Saudi Arabia has already taken steps to substitute natural gas for oil in power plants, a change that’s had “immense” impact on the crude burn, OPEC said in its Monthly Oil Market Report released in January. The use of crude for domestic power has fallen by nearly 1/3rd since the Wasit gas plant began operations in March 2016, according to the OPEC report.
Saudi Aramco will bring online the similar-sized Fadhili gas project in the country’s east by the end of the decade. That gas project along with the renewable projects, planned for completion by 2023 could save about 300k barrels of oil from being burnt for power, according to estimates based on IEA and OPEC data.
According to Fabio Scacciavillani, chief economist at the Oman Investment Fund, “Alternative energies are a key factor in the economic transformation, this region has a great competitive advantage in low-cost energy production and that will continue with renewables. That will create a big advantage particularly in energy-intensive industries.’’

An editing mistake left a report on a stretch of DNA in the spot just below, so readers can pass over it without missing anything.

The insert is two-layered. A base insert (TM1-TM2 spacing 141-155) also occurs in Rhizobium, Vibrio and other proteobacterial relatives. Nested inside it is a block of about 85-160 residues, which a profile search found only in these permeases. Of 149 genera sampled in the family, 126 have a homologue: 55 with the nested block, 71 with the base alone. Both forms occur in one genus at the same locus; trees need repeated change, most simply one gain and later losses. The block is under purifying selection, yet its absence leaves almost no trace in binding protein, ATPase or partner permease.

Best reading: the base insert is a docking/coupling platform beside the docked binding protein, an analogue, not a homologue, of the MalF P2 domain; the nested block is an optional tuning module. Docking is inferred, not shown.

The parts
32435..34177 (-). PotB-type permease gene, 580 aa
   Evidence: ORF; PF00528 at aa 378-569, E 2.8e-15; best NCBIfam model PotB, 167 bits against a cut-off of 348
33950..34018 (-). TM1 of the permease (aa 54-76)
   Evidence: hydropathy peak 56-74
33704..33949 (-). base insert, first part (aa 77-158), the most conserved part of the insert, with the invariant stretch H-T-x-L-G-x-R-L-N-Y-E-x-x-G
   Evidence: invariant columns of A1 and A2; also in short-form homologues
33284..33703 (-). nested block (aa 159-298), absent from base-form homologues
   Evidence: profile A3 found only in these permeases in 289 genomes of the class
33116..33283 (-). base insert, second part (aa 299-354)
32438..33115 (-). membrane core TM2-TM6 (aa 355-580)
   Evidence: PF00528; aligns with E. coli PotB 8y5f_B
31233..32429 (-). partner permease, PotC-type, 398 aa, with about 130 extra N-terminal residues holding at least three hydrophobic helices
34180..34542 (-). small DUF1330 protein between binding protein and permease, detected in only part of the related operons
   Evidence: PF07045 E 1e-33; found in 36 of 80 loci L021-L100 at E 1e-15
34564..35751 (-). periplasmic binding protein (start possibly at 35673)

On top of that, the Saudis want to build nuclear reactors, a less ambitious program that would see 2.8 GW of new electric capacity.
The end goal is to generate 30% of the Kingdom’s electricity from renewable sources by 2030, with the remainder to come from natural gas and a small portion from nuclear.
Deputy Crown Prince Mohammed, at the forefront of promoting reforms and development in his country, said, “I think by 2020, if oil stops, we can survive…We need it, we need it, but I think in 2020 we can live without oil.”
The Tide is Turning to an Energy Transition
It goes without saying that the primary reason the Saudis are shifting to renewables (solar) is economics rather than emissions, yet we can still predict some emission reductions.
It is clear that the Kingdom does not expect oil prices to increase above $100 like it was a few years ago. They know that the days when they would squeeze massive economic rent out of oil have passed. Their long-term objective is to ensure the future competitiveness of their oil in a global environment where paradoxically, fossil fuels are abundant and renewable energy has a higher penetration, while still decarbonizing their energy sector.
This takes me back to Sheik Yamani’s prediction. It is not so much that the Kingdom is physically running out of oil to sell as much as the energy environment is changing. The supply is outpacing demand and oil is just not as profitable as it was. The hammer blows of energy efficiency, renewable energy (solar), and global economic trends are forcing a transition to better options.
Sheik Yamani’s prediction is coming to life.